22
Dec
10

Toys That Are Not Fun For Adults…Elementary Edition

I don’t spend much time with elementary school kids.  It’s not a big nanny demographic and my own family is both plus and minus a decade from that age group.  Personally, my top two go-to gifts for the elder munchkins are Legos and magazine subscriptions (especially National Geographic for Kids).  Those are my go-tos because I like all of the parents of elementary school kids whom I know.    

EASY BAKE OVEN

Year after year, this is the present I longed to receive as a moppet.  It topped many lists I wrote to Santa and to relatives.  (I knew there was no way in the tundra my parents would buy it for me.)  While it’s no longer pink, it is still cooking via light bulb…and light bulbs these days produce less heat than past years, so I’m sure the cooking time on brownies is even longer.  The wait time is longer than the average attention span, which sounds like some kind of fire hazard.  My mom’s argument against the Easy Bake Oven was that we had a real kitchen and she’d much rather I just use that.  I suspect anyone to whom you are giving a gift also lives in a home with a kitchen or has access to one.  (And if they don’t, they probably can’t use the Easy Bake Oven much.)  While I am still bummed I never received one of these, I do understand the argument against a brownie bite with a forty minute cook time.

 

 

 

 

TRANSFORMERS

 

More than meets the eye.  Unfortunately, the pieces are bound to be either less than or more than meets the space into which it is supposed to fit, causing a giant source of frustration.  That frustration often extends to the parent, who also cannot turn Bumblebee back into a car and doesn’t get why they (an adult) are unable to manage a child’s toy.  Relative to the originals of the 1980s, the new round of Transformer toys are poorly made, which also induces nostalgia anger: they just don’t make things like they used to.  While this is being included in the elementary guide, Transformers have moved into the preschool set, where the fingers are less nimble and the frustration point is lower.

VIDEO GAMES

Video games can be a great idea, assuming the recipient owns the compatible system.  If they don’t, and want it, you’ve just provided them with an argument for its purchase: they now own a game that looks super fun and was a gift…and it completely useless without the (generally expensive) console.  You already gave them a gift in the game cartridge, so chances are they will look to Mom and/or Dad for that console.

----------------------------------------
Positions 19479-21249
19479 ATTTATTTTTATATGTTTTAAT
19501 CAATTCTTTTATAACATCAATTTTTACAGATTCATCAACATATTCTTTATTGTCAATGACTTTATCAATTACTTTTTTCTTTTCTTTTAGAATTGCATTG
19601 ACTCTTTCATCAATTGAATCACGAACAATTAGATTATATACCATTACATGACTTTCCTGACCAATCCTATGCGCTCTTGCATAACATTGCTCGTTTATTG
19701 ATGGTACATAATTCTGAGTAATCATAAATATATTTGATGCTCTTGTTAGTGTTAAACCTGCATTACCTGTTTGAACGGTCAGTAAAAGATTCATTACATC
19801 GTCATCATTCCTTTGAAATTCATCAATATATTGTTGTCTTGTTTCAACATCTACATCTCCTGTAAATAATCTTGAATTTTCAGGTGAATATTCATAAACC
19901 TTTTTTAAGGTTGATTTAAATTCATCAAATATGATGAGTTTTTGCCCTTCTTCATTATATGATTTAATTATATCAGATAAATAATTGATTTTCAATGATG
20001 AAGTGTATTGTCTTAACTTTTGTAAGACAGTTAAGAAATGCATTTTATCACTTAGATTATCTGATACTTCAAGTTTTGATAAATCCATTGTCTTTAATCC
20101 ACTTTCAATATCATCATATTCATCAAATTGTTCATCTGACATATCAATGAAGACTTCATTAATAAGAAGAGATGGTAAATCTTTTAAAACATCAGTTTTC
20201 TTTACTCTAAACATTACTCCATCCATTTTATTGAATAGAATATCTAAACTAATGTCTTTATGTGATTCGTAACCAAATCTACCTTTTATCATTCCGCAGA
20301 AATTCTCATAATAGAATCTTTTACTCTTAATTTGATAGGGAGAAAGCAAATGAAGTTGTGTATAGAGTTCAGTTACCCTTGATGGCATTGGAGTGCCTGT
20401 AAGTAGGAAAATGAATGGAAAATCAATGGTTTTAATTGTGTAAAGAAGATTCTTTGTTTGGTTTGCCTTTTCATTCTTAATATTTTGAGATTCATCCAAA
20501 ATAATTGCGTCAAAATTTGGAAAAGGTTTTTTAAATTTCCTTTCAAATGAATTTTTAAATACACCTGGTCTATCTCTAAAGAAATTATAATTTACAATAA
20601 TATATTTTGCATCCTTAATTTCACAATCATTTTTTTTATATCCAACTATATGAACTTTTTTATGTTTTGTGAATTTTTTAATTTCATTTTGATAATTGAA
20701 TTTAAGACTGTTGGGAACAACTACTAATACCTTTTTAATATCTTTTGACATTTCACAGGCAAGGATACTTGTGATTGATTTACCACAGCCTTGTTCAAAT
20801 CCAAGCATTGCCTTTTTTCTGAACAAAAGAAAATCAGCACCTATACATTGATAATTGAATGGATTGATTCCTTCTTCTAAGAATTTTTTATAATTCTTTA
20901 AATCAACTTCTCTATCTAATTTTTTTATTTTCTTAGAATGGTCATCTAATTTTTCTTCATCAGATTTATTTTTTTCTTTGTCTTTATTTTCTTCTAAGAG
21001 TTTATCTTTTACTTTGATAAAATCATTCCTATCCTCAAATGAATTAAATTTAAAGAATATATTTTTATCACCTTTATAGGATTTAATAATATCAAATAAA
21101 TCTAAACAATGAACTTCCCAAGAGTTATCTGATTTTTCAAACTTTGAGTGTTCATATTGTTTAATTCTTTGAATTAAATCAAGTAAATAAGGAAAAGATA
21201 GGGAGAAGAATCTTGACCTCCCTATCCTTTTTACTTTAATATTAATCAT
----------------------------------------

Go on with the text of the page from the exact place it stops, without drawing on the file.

DOLLAR STORE JEWELRY (NOT PICTURED.)

Do you read the recalls?  It all contains lead.  All of it.  “Here’s some lead to put on your flesh, probably near your face” is a very tacky way to celebrate a holiday or birthday.

PUPPY!

 

Really anything that is alive is a bad idea, because the responsible adult is going to be responsible for keeping it alive and the ongoing expense of that responsibility – vet visits, food, toys, etc.  In my opinion, puppies are totally THE BEST (and I desperately want one) but as gifts, they are the domestic worst (possibly overall worst) as they require regular walks and are sometimes a bit destructive until trained.  Regardless of the weather, dogs need to be walked.  Depending on the pup and length of school day, it also might need to be walked while that kiddo is in school.  Don’t get me wrong: Puppies are great; they are just not great gifts.

Bonus: Bad for ALL Ages

TEAM GEAR FOR NOT-THEIR TEAM

 

Probably most effective with infants, a group naturally born without any team loyalties, but no need to stop until the kidlet tells you that they really can’t stand the Buckeyes.  And yes, I’ve totally done it.  I’ve given a Red Sox hat to the child born of a mixed Red Sox-Yankees marriage; I feel like that babe needed all the help it could get.  So, speaking from experience, while parents may like it if you get them some sort of clothing or bit promoting their team, they tend to not see the humor in their child receiving something emblazoned with the mascot or name of their arch nemesis.  It’s the sort of thing they probably don’t even want in their house, much less on their child.  It’s the sort of thing that might not even make it to the charity box, instead being directly diverted to the trash.  Not only is that wasteful, it also involves your team in a trash – a trash it is probably sharing with dirty diapers and tissues of baby boogers.

Please enjoy your holiday shopping.  Remember it’s a gift to parents to not get the fruit of their loins (looms?) an annoying gift.  However, in certain relationships, I recognize that there is potential for that to be the gift that keeps on giving.

 



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